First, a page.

Mad Max 2 (1981)

Mad Max 2 (1981)

Taglines: Only one man can make the differance.

With supplies of petroleum nearly exhausted in the near future following a major energy crisis and a global nuclear war, ex-Main Force Patrol officer “Mad” Max Rockatansky (Mel Gibson) roams the now-depopulated and desolate desert in his scarred, black supercharged V-8 Pursuit Special several years after the events of the first film, scavenging for food, water, and fuel. His only companions are an Australian Cattle Dog and a rare functioning firearm – a sawn-off shotgun – for which ammunition is very scarce.

While trying to escape a group of gang members – led by a crazed motorcycle rider named Wez (Vernon Wells) – Max manages to crash two of the gang members’ vehicles and injure Wez; recognising his defeat, Wez flees. After collecting some fuel from the destroyed cars and checking a nearby Mack semi, Max inspects a nearby autogyro for fuel. Its pilot, the Gyro Captain (Bruce Spence), ambushes Max and manages to capture him briefly before being overpowered. In exchange for his own life, the pilot guides Max to a small oil refinery nearby. Max arrives to see the facility under siege by a gang of marauders riding a motley collection of cars and motorbikes. The gang leader, known as “Lord Humungus” (Kjell Nilsson), tries to convince the refinery’s defenders to surrender the facility in exchange for safe passage out of the area.

A group of defenders attempts to break out of the compound, but the marauders capture, torture, and kill all but one of them, who is rescued by Max. Max makes a deal with the mortally-wounded sole survivor: he will bring him back to the compound in exchange for a tank of fuel. The man dies shortly after they enter the facility, and the facility leader, Pappagallo (Michael Preston), reneges on the deal, saying it died when the survivor died.

His group is on the verge of killing Max when the marauders return, and Humungus repeats his offer. When the Feral Kid (Emil Minty) kills Wez’s male companion, Wez becomes enraged, urging his leader to take the compound; Humungus wrestles Wez into submission, but placates Wez by revealing he has no intention of letting any of the settlers leave. Max offers Pappagallo a different deal: he will retrieve the abandoned Mack semi-truck, which is capable of hauling the tanker trailer that the facility inhabitants use to store the fuel they refine, in exchange for freedom, his vehicle, and as much fuel as he can take with him. The group accepts, but keeps Max’s car to ensure his co-operation. Max sneaks out, locating the Gyro Captain (dragging the branch he is chained to) and conscripts him to help find the truck using his gyrocopter.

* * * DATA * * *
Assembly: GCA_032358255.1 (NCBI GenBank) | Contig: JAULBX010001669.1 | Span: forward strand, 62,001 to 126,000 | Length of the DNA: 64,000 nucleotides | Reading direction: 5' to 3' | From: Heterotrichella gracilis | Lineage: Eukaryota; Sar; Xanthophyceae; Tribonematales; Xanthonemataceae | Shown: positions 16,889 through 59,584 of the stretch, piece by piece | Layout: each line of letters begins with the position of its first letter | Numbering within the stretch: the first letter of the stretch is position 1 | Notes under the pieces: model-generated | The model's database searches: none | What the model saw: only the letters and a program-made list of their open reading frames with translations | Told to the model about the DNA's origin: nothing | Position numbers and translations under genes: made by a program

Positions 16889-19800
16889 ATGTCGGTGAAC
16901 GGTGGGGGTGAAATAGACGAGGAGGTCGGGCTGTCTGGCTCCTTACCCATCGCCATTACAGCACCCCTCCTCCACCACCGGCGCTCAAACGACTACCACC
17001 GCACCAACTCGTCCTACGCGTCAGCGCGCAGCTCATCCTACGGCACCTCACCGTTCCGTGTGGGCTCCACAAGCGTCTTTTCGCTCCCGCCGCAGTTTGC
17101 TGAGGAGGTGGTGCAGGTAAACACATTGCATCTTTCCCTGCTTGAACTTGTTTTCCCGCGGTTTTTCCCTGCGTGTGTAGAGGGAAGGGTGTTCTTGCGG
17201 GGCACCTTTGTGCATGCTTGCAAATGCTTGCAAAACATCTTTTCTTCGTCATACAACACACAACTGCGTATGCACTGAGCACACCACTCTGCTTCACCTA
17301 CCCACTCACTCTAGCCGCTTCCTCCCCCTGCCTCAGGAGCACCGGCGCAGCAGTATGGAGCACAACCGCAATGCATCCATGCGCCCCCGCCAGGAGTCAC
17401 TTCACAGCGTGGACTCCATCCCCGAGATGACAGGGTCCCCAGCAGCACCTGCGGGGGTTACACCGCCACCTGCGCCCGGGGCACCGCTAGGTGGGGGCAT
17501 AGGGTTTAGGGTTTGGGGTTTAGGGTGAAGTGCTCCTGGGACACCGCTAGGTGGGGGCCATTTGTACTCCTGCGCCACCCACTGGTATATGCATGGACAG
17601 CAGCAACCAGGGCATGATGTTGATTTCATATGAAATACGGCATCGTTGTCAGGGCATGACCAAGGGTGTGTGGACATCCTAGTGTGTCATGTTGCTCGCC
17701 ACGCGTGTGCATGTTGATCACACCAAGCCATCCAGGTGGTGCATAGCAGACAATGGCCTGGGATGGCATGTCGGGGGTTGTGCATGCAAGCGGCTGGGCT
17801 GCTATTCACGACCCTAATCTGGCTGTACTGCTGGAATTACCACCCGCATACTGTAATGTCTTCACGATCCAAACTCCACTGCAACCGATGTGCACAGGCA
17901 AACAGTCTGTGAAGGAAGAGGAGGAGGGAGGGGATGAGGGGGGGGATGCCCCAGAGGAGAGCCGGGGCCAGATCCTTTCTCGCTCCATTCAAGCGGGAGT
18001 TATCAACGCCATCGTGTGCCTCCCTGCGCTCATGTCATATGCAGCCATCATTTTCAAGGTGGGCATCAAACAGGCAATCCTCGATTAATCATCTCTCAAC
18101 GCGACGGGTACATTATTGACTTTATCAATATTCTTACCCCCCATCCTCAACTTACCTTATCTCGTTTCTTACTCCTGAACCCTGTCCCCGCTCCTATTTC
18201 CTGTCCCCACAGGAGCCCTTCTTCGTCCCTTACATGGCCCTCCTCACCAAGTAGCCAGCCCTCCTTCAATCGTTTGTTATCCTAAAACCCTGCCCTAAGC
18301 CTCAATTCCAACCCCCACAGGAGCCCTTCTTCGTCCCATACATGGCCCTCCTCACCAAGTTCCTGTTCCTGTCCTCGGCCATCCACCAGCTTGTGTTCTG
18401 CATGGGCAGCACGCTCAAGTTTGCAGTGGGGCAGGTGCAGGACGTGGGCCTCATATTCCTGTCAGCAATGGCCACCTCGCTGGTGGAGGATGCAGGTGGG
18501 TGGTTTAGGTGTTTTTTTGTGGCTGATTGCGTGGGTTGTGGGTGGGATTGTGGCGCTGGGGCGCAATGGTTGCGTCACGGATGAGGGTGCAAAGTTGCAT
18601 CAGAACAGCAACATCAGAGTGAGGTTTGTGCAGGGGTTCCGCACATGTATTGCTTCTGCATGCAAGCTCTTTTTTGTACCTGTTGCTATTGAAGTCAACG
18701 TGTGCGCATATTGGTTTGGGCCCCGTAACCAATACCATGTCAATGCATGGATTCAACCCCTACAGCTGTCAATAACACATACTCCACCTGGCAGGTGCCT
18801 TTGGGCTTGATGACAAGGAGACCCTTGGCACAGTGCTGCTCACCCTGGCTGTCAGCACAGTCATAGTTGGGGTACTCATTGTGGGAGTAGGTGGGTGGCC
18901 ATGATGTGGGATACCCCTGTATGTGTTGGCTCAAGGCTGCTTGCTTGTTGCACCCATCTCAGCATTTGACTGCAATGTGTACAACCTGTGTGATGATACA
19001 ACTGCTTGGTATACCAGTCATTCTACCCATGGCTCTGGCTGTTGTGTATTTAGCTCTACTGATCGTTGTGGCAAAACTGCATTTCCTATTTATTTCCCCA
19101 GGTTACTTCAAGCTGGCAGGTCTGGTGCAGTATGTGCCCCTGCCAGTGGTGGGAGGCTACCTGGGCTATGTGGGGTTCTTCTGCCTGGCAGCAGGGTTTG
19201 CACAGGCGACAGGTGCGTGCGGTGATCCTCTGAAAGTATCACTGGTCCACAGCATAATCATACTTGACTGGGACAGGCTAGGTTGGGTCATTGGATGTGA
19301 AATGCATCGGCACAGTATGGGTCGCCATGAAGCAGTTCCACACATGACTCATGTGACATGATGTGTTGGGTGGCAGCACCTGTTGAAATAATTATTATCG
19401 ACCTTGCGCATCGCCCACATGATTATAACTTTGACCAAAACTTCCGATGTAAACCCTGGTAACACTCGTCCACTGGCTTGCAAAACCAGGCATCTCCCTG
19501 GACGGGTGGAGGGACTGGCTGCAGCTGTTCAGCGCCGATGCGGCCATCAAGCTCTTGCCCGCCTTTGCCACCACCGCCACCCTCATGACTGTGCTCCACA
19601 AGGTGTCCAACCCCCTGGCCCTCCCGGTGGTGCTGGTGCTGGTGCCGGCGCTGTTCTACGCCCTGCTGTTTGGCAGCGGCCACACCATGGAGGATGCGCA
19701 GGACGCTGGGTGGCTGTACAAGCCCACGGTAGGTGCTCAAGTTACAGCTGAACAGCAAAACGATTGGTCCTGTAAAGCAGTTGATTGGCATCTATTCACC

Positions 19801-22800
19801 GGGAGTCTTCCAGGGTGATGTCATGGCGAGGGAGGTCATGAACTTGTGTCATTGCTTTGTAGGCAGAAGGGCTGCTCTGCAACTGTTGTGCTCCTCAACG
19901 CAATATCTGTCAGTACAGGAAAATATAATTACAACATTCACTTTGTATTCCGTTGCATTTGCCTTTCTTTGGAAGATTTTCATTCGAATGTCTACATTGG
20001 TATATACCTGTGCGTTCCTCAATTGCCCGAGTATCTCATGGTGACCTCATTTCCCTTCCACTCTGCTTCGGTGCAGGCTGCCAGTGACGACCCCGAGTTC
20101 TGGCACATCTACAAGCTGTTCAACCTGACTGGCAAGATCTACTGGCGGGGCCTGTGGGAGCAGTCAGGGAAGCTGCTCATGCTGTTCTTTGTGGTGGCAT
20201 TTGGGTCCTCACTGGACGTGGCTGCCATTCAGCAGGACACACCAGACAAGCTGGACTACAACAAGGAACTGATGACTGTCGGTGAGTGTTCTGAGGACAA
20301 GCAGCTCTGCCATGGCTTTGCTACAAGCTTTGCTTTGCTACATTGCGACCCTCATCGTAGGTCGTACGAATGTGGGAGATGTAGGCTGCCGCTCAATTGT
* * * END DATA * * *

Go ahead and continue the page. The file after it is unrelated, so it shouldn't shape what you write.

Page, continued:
Mad Max 2 (also known as The Road Warrior and Mad Max 2: The Road Warrior) is a 1981 Australian post-apocalyptic action film directed by George Miller. The film is the second installment in the Mad Max film series, with Mel Gibson reprising his role as “Mad” Max Rockatansky. The film’s tale of a community of settlers who moved to defend themselves against a roving band of marauders follows an archetypical “Western” frontier movie motif, as does Max’s role as a hardened man who rediscovers his humanity when he decides to help the settlers.[5] Filming took place in locations around Broken Hill, in the outback of New South Wales.

Mad Max 2 was released on 24 December 1981, and received ample critical acclaim. Observers praised the visuals and Gibson’s role. Noteworthy elements of the film also include cinematographer Dean Semler’s widescreen photography of Australia’s vast desert landscapes; the sparing use of dialogue throughout the film; costume designer Norma Moriceau’s punk mohawked, leather bondage gear-wearing bikers; and its fast-paced, tightly edited and violent battle and chase scenes.

Mad Max 2 Movie Poster (1981)

Mad Max 2

Directed by: George Miller
Starring: Mel Gibson, Bruce Spence, Michael Preston, Max Phipps, Vernon Wells, Kjell Nilsson, Virginia Hey, William Zappa
Screenplay by: Terry Hayes, George Miller
Cinematography by: Dean Semler
Film Editing by: Michael Balson, David Stiven, Tim Wellburn
Costume Design by: Norma Moriceau
Art Direction by: Graham ‘Grace’ Walker
Music by: Brian May
Distributed by: Warner Bros. Pictures
Release Date: December 24, 1981